Amwell is looking to evolve virtual care beyond just imitating in-person care.
To do that, the telehealth company expects to use its latest partnership with Google Cloud to enable it to tap into artificial intelligence and machine learning technologies to create a better healthcare experience, according to Peter Antall, M.D., Amwell's chief medical officer.
"We have a shared vision to advance universal access to care that’s cost-effective. We have a shared vision to expand beyond our borders to look at other markets. Ultimately, it’s a strategic technology collaboration that we’re most interested in," Antall said of the company's partnership with the tech giant during a STAT virtual event Tuesday.
"What we bring to the table is that we can help provide applications for those technologies that will have meaningful effects on consumers and providers," he said.
The use of AI and machine learning can improve bot-based interactions or decision support for providers, he said. The two companies also want to explore the use of natural language processing and automated translation to provide more "value to clients and consumers," he said.
Joining a rush of healthcare technology IPOs in 2020, Amwell went public in August, raising $742 million. Google Cloud and Amwell also announced a multiyear strategic partnership aimed at expanding access to virtual care, accompanied by a $100 million investment from Google.
During an HLTH virtual event earlier this month, Google Cloud director of healthcare solutions Aashima Gupta said cloud and artificial intelligence will "revolutionize telemedicine as we know it."
"There's a collective realization in the industry that the future will not look like the past," said Gupta during the HTLH panel.
During the STAT event, Antall said Amwell is putting a big focus on virtual primary care, which has become an area of interest for health plans and employers.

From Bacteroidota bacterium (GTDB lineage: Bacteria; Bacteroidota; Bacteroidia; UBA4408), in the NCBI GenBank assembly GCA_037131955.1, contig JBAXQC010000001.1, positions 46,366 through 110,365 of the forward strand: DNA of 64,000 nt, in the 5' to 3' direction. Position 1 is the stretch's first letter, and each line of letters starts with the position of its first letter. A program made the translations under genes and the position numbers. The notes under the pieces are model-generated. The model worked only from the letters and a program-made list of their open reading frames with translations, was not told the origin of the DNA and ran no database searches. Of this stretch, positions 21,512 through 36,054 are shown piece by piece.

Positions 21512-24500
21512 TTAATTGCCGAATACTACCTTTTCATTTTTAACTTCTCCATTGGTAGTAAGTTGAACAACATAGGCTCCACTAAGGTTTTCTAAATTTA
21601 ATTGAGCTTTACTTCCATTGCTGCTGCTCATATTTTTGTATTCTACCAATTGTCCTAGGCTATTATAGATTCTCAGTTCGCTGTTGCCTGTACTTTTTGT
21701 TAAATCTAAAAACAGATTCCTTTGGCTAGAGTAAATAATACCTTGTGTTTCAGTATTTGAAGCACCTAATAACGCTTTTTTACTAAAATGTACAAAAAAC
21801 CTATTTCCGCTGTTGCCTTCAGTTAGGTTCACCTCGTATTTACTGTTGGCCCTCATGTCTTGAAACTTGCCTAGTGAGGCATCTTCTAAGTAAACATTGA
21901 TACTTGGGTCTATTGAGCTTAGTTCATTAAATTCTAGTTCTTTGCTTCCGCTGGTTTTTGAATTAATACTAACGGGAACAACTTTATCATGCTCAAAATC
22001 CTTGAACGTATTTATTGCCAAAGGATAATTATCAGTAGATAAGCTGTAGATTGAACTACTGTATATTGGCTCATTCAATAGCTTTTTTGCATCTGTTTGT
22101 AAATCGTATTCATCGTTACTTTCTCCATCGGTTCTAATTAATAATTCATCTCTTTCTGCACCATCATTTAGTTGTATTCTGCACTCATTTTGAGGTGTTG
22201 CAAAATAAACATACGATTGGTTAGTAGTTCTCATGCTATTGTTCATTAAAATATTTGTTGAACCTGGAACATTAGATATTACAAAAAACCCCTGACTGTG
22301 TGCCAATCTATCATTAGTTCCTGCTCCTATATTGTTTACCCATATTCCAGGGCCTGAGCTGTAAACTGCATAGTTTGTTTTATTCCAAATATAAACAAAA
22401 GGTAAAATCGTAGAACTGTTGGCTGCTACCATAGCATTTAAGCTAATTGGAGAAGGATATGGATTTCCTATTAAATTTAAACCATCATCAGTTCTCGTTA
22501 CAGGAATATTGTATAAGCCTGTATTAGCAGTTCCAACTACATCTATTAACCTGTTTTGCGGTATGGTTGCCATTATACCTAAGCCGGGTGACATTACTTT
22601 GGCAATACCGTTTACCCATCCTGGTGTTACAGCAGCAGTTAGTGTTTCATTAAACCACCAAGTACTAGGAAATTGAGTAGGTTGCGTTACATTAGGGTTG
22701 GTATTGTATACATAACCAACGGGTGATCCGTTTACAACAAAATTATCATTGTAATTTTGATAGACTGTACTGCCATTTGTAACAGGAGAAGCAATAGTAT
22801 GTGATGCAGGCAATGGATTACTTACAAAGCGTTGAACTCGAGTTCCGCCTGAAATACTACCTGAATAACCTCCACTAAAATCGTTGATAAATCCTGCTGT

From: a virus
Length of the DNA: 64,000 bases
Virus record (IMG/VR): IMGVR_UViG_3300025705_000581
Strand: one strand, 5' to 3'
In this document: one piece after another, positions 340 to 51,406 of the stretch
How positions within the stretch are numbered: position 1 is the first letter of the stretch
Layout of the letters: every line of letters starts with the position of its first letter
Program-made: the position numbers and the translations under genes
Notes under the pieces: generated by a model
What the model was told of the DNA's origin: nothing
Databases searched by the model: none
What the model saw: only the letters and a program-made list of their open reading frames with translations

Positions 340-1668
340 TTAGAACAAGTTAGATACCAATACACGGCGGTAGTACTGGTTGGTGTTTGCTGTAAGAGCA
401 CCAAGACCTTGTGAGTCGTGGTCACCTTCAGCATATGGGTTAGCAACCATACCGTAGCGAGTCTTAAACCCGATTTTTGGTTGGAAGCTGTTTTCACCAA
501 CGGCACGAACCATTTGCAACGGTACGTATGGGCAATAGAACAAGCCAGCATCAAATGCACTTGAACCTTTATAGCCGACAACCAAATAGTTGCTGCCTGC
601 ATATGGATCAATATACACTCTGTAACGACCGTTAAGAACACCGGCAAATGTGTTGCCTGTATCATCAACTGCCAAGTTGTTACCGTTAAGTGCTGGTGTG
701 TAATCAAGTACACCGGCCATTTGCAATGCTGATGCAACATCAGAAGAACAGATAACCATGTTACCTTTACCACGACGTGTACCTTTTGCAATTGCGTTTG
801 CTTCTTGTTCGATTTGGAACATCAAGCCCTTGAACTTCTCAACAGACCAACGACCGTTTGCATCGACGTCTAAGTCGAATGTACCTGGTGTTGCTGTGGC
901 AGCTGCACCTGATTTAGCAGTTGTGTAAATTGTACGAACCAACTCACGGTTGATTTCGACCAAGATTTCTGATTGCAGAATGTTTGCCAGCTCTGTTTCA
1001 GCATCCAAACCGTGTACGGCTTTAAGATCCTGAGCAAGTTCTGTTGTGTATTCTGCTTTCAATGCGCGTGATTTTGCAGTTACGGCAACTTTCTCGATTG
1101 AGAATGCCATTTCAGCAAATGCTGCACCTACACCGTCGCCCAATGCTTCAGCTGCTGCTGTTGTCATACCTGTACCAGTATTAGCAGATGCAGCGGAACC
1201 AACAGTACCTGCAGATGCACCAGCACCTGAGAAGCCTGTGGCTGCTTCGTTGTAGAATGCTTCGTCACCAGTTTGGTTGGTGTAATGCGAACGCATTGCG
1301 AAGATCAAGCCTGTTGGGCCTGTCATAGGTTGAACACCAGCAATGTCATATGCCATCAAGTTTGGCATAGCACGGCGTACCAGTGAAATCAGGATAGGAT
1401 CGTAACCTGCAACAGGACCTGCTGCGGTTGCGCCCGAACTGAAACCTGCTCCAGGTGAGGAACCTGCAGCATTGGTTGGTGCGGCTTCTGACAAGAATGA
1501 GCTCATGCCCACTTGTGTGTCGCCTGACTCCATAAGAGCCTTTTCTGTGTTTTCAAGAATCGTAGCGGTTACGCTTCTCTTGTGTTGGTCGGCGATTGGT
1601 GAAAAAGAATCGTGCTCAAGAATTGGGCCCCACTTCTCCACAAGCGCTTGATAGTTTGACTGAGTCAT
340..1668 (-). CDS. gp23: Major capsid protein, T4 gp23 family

"It seems to be the next big frontier. We’ve been working on it for three years, and we’re very excited. So much of healthcare is ongoing chronic conditions and so much of the healthcare spend is taking care of chronic conditions and taking care of those conditions in the right care setting and not in the emergency department," he said.
The company works with 55 health plans, which support over 36,000 employers and collectively represent more than 80 million covered lives, as well as 150 of the nation’s largest health systems. To date, Amwell says it has powered over 5.6 million telehealth visits for its clients, including more than 2.9 million in the six months ended June 30, 2020.
Amwell is interested in interacting with patients beyond telehealth visits through what Antall called "nudges" and synchronous communication to encourage compliance with healthy behaviors, he said.
It's an area where Livongo, recently acquired by Amwell competitor Teladoc, has become the category leader by using digital health tools to help with chronic condition management.
"We’re moving into similar areas, but doing it in a slightly different matter in terms of how we address ongoing continuity of care and how we address certain disease states and overall wellness," Antall said, in reference to Livongo's capabilities.
The telehealth company also wants to expand into home healthcare through the integration of telehealth and remote care devices.
Virtual care companies have been actively pursuing deals to build out their service and product lines as the use of telehealth soars. To this end, Amwell recently deepened its relationship with remote device company Tyto Care. Through the partnership, the TytoHome handheld examination device that allows patients to exam their heart, lungs, skin, ears, abdomen, and throat at home, is now paired with Amwell’s telehealth platform.
Looking forward, there is the potential for patients to get lab testing, diagnostic testing, and virtual visits with physicians all at home, Antall said.
"I think we’re going to see a real revolution in terms of how much more we can do in the home going forward," he said.
Amwell also is exploring the use of televisions in the home to interact with patients, he said.
"We've done work with some partners and we're working toward a future where, if it's easier for you to click your remote and initiate a telehealth visit that way, that’s one option. In some populations, particularly the elderly, a TV could serve as a remote patient device where a doctor or nurse could proactively 'ring the doorbell' on the TV and ask to check on the patient," Antall said.
"It’s video technology that's already there in most homes, you just need a camera to go with it and a little bit of software. It’s one part of our strategy to be available for the whole spectrum of care and be able to interact in a variety of ways," he said.